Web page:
Steelers make December declaration

The Steelers excelled in all three phases of the game against the Bengals, including a special teams touchdown from Antonio Brown. AP Photo/Gene J. Puskar

PITTSBURGH -- The Pittsburgh Steelers might not be the AFC's top-ranked team in everyone's power rankings. They might not capture the conference's No. 1 seed. They might not win the AFC North either.

But Pittsburgh's 35-7 dismantling of the Cincinnati Bengals delivered Sunday's boldest December declaration: The Steelers are the most complete team in the AFC. With all due respect to the Baltimore Ravens, the Steelers played a more accomplished team Sunday and played a more thorough game.

The Steelers' offense finished off drives. They were 4-for-4 in the red zone.

Their defense finished off Bengals rookie quarterback Andy Dalton with an increased pass rush. They stopped Cincinnati on nine of 11 third downs.

And Pittsburgh's special teams finished off a playoff contender in convincing fashion. A blocked field goal, a forced fumble on kickoff coverage and a 60-yard punt return for a touchdown by Antonio Brown made the new Bengals look like the old Bungles.

After Cincinnati's mistake-filled opening drive, Pittsburgh never gave the Bengals any hope of winning. The performance was equally methodical and menacing. The Steelers didn't just take away the Bengals' aspiration of winning the division. They took away Cincinnati's will. How bad was it? The Bengals pulled Dalton, a rookie of the year candidate, with 12:47 left in the game.

It's not a coincidence that the Steelers put together their best effort when the NFL calendar turned to December. Pittsburgh quarterback Ben Roethlisberger talked to his teammates before the game and emphasized urgency in all three phases of the game.

"There’s no more times for letdowns and would’ves, could’ves and should’ves," Roethlisberger told reporters after the game. "It’s time to start playing our best football. I hope that’s this is a good start for it."

If there's any doubt of which AFC team is hitting its stride, take a look at how Baltimore, New England and Houston began December.

The Ravens can make a solid argument for being the AFC's best team after sweeping the Steelers and beating the San Francisco 49ers. But their effort Sunday was as sloppy at times as the rainy weather in an ugly 24-10 win at Cleveland.

The Patriots nearly had a monumental collapse and had to sweat out an onside kick in a 31-24 win over the winless Colts. And the Texans seem to get weaker even in victory, losing wide receiver Andre Johnson in a 17-10 win over Atlanta.

The one AFC team that has proven it can beat another with offense, defense or special teams is Pittsburgh. The Ravens and Texans can't match the depth of the Steelers' playmakers in Brown, Mike Wallace and Emmanuel Sanders. The Patriots can't match the Steelers' talent on defense from James Harrison to Troy Polamalu to Ike Taylor to LaMarr Woodley (who could be available Thursday night after tweaking his hamstring). And few teams could match what the Steelers did on special teams Sunday.

"That’s what we’re going to have to do if we want to be a championship caliber team," Brown said. "We have to be able to work well in all three phases."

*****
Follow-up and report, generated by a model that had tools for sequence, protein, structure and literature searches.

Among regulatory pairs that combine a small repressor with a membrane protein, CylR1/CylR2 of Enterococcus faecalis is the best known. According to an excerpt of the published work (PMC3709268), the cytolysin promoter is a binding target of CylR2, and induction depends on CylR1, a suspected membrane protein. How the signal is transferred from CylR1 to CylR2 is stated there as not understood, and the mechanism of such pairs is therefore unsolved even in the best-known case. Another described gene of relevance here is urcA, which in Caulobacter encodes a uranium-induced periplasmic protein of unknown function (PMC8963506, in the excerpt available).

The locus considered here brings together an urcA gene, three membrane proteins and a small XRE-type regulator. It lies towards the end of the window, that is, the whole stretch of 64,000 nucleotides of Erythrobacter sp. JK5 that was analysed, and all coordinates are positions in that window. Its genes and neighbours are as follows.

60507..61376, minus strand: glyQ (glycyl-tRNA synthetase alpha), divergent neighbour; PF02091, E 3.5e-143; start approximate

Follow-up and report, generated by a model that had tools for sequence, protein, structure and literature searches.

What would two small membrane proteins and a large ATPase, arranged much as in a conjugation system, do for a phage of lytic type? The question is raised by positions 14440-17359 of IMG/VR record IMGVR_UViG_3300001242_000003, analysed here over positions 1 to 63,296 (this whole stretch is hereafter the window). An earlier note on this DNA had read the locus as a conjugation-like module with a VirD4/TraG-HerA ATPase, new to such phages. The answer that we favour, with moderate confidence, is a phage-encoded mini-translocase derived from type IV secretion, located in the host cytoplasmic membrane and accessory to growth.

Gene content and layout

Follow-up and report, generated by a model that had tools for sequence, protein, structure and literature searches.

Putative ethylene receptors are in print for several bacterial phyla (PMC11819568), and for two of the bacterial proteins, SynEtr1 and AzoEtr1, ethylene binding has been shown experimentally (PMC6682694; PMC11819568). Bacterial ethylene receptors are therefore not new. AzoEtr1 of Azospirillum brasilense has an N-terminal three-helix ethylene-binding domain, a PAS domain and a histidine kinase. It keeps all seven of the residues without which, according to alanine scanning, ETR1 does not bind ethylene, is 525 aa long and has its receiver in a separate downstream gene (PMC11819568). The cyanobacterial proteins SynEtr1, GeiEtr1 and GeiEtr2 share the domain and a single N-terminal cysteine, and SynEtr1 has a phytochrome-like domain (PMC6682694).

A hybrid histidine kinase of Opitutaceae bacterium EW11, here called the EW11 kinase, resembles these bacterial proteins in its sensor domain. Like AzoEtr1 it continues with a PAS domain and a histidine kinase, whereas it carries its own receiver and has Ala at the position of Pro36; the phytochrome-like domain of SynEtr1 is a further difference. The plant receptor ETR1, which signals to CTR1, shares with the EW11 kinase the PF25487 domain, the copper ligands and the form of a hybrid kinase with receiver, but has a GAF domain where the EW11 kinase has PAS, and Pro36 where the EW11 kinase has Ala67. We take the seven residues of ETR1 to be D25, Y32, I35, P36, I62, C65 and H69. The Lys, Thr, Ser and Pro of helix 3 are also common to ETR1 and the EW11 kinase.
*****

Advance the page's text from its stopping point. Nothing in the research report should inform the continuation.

The Steelers' biggest hurdle to advancing to another Super Bowl is their playoff destination. Because Pittsburgh was swept by Baltimore, the Steelers are looking at being a wild-card team, which means playing on the road in the postseason.

The Ravens' final four games are: home against Indianapolis, at San Diego, home against Cleveland and at Cincinnati. If Baltimore doesn't lose -- which is a distinct possibility -- the Steelers could win out and have to play a first-round game at Denver or Houston or New England or even Baltimore.

No one wants to face the Ravens in Baltimore because they are the AFC's most dangerous team at home. But my guess is no one wants to see the Steelers coming to their stadium in January either.

"For us, it’s taking care of what we can control," Roethlisberger said of the playoff picture. "That means getting out there every week and giving our best. That’s kind of what we gave them today."

When Pittsburgh is playing at its best on offense, the Steelers are getting the ball to their speedy wide receivers who make cuts that are seen only on video games. Roethlisberger doesn't have to test that fractured right thumb with deep throws. His short one across the middle to Brown turned into a 45-yard gain and his quick one to Wallace turned into a 19-yard touchdown (after he made a handful of Bengals miss tackles).

When Pittsburgh is playing at its best on defense, the Steelers are pressuring the quarterback and creating turnovers. Pittsburgh went with a more aggressive game plan against Dalton. The result: five quarterback hits along with cornerback Ike Taylor picking off a fourth-quarter pass in front of receiver A.J. Green. After forcing an NFL-low four turnovers in its first nine games, the Steelers' defense has forced seven turnovers in three straight wins.

"We’re taking strides in the right direction," wide receiver Hines Ward said.

Does that mean this team is hitting its stride?

"I think so," Ward said. "We’re playing with a lot of confidence."

No AFC North team has had a more interesting journey than the Steelers. Pittsburgh looked like the NFL's worst team in the season-opening loss at Baltimore. Now, the Steelers have proven themselves to be one of the league's best.

"I feel like if we play well in all three phases, we’re going to be a tough team to beat coming down the stretch here," Steelers defensive end Brett Keisel said. "That’s what it takes -- getting rolling at the right time."